Salt brines are an effective way to clear away snow and ice. In many cases, they’re more effective than conventional rock salt. However, salt brines can be made in a variety of ways, all of which change how they interact with ice and snow.
Getting your salt brine right can be as rewarding as it is challenging. With a little experimentation and some insight, you’ll be on your way to a proprietary mix that you can call your own.
Why Use Brine Over Rock Salt?
Brines have many advantages over regular road salt. We’ll break down the highlights for you.
- Brines adhere more readily to pavement and sticks to it longer
- Salt needs liquid to activate its snow and ice melting properties; the water in a way means your salt is ready to roll as soon as it’s sprayed
- Brines can be used to pre-treat surfaces before a winter storm
- The operating temperature of a salt brine can be as much as 14F colder than a standard rock salt product
Making a Salt Brine
While you can buy a salt brine off the shelf, many commercial snow removal businesses will do it themselves. Depending on its application, a homemade brine could be better tailored to your needs than a “one size fits all” brine.
Basics of Brines
The most basic principle of salt brine is this; you need salt and water. When mixed at the right proportions, you boost the snow and ice melting properties of salt and make it easier to apply to surfaces.
While simple on the surface, you can get pretty complicated with a brine by controlling the proportions of water to salt and introducing chemical additives to give your brine new properties.
Using a Brine Maker
While some of us enjoy the rustic life and prefer to mix a brine by hand, others simply don’t have the time or don’t want to get too involved in the chemistry. Brine makers remove all of the guesswork from your brine creation. Typically, a brine maker features two reservoirs; a holding tank for rock salt and a finished tank for your brine.
After hooking up a source of water, a brine maker will use a powerful jet pump to dissolve your rock salt and give you an instant reading of your brine strength. Brine makers are the best way to make a lot of brine while ensuring a consistent result.
Salt Brine Dilution Calculator
The most common brine proportions are 23.3% salt to 76.7% water. However, you can forgo conventional sodium chloride and use either magnesium chloride or calcium chloride instead. Keep in mind that the concentrations of those chemicals are drastically different.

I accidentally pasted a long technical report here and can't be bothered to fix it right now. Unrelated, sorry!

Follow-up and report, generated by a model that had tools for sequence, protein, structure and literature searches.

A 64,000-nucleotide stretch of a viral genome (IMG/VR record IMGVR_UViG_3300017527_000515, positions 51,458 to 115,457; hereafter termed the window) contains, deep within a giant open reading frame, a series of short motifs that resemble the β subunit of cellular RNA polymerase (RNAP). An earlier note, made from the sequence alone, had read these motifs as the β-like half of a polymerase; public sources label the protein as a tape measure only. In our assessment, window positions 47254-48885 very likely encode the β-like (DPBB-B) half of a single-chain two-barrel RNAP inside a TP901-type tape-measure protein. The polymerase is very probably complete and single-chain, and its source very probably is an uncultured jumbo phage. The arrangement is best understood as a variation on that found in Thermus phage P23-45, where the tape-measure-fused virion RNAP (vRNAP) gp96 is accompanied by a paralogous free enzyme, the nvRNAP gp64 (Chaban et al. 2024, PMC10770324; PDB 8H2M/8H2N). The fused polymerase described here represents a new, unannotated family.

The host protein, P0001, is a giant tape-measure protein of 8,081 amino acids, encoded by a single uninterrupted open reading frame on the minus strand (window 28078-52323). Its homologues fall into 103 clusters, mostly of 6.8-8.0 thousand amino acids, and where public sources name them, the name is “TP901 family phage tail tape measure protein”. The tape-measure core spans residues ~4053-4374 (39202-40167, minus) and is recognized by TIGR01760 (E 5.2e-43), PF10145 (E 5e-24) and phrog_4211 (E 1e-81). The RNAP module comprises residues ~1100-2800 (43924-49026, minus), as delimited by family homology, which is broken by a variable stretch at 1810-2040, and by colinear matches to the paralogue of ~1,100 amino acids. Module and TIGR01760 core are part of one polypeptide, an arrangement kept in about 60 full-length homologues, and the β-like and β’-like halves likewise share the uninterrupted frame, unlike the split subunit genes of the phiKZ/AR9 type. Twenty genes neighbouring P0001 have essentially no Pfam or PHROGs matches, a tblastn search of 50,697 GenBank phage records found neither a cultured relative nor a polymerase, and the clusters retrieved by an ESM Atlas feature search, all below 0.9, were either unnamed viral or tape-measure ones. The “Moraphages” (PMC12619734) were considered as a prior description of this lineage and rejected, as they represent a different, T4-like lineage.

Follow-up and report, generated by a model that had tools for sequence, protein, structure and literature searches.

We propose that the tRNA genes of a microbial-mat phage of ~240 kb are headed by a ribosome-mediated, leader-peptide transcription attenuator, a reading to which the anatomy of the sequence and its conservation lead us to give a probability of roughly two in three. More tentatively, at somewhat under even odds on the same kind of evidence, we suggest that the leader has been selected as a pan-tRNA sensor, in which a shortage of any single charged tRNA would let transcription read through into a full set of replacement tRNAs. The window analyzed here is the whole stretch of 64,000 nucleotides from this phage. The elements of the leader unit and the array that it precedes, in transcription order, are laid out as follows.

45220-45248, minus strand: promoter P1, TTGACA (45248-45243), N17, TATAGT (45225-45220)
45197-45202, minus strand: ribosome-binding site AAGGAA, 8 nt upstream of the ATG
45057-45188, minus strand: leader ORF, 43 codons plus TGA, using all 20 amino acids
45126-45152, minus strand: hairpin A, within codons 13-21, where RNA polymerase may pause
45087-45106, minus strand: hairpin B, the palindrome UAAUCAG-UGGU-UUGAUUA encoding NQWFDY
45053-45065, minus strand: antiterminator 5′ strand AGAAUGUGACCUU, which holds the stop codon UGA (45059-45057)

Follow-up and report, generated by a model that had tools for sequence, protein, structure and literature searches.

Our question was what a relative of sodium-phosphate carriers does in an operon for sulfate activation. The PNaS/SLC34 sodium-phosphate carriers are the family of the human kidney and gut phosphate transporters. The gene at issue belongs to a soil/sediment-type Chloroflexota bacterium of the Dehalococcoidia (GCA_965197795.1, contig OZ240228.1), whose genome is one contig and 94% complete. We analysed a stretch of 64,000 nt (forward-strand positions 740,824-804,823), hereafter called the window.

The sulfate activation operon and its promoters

A calcium or magnesium chloride brine will increase the melting effect of your brine solution and while many use it as an additive, you can also create a diluted brine with it using a simple salt brine dilution calculator formula. The ratio for this concoction is 90% water and 10% calcium or magnesium chloride.
Additives can be a great way to boost your brine. The most common additives are small amounts of either calcium chloride or magnesium chloride to enhance the brine’s melting effect. Of these two chemicals, just 2-3% should be introduced. Reduce the amount of salt you use by that same proportion and keep the same amount of water.
Biodegradable dyes can be a great addition to your brine as well. A dye will give your brine better visibility, which allows you to track your application giving you more control and increasing your efficiency.
Lastly, organics like cheese whey byproducts and sugar beet juice can be added to a salt brine solution. You might even be surprised to know that these two rather strange materials are often referred to as “proprietary organics” in off-the-shelf brines. Believe it or not, both chemicals will increase the adhesion and longevity of brine as it sits on pavement. They are typically added at a 10% concentration, cutting into the percentage of salt and/or magnesium and calcium chloride.
Be Proud of Your Brine
Whether you’re adding beet juice to your brine or sneaking in some calcium chloride to boost its melting ability, be proud of the proprietary brine you’ve created for your snow removal business. Let your clients know that they’ll find nothing at all like it. You could even let them know the extent you went to formulate it. Above all, the more you know about what you’re putting on your client’s pavement, the more effective you’ll be.